India asks OPEC for uniform pricing policy
India Friday urged the Organisation of Petroleum Exporting Countries (OPEC) to adopt a uniform pricing policy for all buyers and not charge a premium from developing countries in Asia.
"Charging developing Asia a premium while offering a discount to the developed West is a conundrum that calls for rectification," Petroleum Minister Mani Shankar Aiyar told the 132nd OPEC ministerial conference in Vienna.
"What we need is a uniform official selling price and significant spot trading of West Asian crude to increase liquidity and establish a genuine and representative marker crude oil for the fast growing Asian market," he said.
India is the only importer among Asian countries to have been invited for the meet to present views on petroleum and sustainable development.
Aiyar said all Asian countries, barring Japan, were developing nations and accounted for two-thirds of the crude imports from West Asia. The Asian premium adds up considerably to the cost of import bill.
"Yet, all of Asia, including developed and developing Asia, pays higher FOB (freight on board) prices to fellow Asian producers than more distant consumers," said Aiyar.
During 2003, Asian consumers paid about half a dollar per barrel more than US buyers and nearly two dollars per barrel more than European consumers.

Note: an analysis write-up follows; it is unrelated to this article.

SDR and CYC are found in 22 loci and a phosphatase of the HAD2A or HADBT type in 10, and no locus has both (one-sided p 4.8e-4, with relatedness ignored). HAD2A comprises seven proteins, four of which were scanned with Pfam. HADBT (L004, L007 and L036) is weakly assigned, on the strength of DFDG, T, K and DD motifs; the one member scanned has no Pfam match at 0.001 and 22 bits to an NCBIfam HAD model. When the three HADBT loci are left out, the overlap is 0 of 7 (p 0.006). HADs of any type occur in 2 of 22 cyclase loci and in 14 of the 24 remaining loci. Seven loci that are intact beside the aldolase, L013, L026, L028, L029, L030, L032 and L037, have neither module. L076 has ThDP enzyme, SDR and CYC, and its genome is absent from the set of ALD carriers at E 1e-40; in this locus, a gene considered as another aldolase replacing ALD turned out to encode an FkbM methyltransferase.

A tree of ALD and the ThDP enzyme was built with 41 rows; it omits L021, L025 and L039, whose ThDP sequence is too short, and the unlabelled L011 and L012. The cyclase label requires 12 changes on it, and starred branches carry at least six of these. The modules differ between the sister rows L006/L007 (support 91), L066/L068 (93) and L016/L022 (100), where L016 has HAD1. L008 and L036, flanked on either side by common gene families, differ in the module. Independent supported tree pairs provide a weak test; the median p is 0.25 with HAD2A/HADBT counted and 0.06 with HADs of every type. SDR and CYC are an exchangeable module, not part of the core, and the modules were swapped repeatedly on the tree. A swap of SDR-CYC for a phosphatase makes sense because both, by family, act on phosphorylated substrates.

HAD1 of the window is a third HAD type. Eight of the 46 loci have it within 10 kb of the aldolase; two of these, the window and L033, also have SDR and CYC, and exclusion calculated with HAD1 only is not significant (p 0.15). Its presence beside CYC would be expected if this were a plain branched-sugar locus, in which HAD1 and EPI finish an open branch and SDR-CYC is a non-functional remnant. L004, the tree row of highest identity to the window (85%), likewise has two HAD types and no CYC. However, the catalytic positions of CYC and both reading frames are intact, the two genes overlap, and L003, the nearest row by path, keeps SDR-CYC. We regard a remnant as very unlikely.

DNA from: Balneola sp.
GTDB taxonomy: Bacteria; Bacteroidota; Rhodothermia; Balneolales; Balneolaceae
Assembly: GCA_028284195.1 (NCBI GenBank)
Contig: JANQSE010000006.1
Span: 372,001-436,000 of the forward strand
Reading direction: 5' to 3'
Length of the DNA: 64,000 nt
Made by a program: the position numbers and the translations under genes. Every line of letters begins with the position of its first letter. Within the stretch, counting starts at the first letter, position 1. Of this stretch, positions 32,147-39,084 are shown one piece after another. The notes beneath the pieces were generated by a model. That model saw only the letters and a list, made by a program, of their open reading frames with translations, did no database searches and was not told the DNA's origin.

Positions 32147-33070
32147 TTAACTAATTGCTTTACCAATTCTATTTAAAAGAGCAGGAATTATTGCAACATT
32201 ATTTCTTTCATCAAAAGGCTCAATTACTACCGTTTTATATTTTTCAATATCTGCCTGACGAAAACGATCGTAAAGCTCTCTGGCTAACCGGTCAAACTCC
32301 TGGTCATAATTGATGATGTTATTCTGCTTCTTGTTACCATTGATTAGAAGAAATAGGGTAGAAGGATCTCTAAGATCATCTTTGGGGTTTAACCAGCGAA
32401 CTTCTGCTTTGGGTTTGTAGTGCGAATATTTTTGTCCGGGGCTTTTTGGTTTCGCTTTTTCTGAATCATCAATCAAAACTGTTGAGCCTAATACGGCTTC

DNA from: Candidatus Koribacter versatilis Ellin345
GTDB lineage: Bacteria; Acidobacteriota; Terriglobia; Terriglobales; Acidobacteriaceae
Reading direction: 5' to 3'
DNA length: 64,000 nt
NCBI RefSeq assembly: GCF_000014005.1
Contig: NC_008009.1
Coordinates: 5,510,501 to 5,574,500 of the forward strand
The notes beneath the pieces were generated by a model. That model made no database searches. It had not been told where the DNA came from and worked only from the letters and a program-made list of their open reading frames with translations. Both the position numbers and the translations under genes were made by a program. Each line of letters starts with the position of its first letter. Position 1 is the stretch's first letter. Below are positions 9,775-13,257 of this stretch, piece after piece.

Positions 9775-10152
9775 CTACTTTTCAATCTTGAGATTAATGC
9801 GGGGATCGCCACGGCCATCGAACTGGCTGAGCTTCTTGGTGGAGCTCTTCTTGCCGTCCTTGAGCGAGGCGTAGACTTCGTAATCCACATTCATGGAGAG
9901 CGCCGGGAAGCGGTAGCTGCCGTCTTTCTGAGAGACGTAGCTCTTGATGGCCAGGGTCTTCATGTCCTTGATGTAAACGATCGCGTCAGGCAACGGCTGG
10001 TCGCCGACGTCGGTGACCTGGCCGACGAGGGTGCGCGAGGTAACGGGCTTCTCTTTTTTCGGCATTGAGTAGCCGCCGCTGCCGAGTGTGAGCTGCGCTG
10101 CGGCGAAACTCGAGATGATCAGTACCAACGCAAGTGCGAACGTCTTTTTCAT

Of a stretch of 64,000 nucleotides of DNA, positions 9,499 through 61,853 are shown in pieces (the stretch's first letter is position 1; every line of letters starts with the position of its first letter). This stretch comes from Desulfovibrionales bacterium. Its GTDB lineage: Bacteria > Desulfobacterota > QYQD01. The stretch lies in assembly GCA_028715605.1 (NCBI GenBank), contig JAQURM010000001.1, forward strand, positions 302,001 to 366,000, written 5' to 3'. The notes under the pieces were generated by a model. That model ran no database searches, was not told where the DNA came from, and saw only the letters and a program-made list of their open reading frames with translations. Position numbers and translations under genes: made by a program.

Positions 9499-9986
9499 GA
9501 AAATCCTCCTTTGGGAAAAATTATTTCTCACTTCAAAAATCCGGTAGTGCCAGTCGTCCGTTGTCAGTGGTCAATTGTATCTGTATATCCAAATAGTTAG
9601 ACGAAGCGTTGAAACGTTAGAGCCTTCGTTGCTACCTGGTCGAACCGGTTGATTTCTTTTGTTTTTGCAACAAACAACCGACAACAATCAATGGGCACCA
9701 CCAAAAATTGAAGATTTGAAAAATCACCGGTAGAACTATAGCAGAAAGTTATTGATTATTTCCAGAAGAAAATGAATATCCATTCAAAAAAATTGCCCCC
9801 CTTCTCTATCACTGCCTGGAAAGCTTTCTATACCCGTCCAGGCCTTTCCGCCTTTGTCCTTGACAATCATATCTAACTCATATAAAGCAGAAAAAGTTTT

In the April-July quarter this year, Asian countries paid 36 cents per barrel more than the US and close to three dollars per barrel more than European customers.
The Asian premium costs between $5-10 billion a year to Asian countries, according to Yoshiki Ogawa of the Japan's Institute of Energy Economics.
Import dependent India estimates the premium accounts for $750 million to $1 billion of its over $18 billion oil import bill, according to petroleum ministry officials.
"Any measure that erodes the advantage of geography for Asian countries and promotes the accelerated depletion of oil resources through a policy of subsidising oil traffic to distant destinations is not, and cannot be, in the interests of sustainable development," said Aiyar.
He expressed the fear that the premium would add to the burden on the top of soaring international prices this year, which unless sharply moderated in coming months, is likely to double the annual import bill.
Aiyar also used the occasion to announce India's plans to host a buyer-seller roundtable early next year in New Delhi to discuss a new pricing mechanism.
Besides the major consuming centres of Asia - India, China, Japan and South Korea - six major West Asian oil producers including Saudi Arabia are expected to attend the meet.
The Indian minister also sought OPEC members' cooperation to source energy efficient devices and technologies.
He drew attention to the fact that in the absence of energy efficient technology it takes "India nearly three times as much oil to produce one unit of economic output as in the OECD countries."
--Indo-Asian News Service
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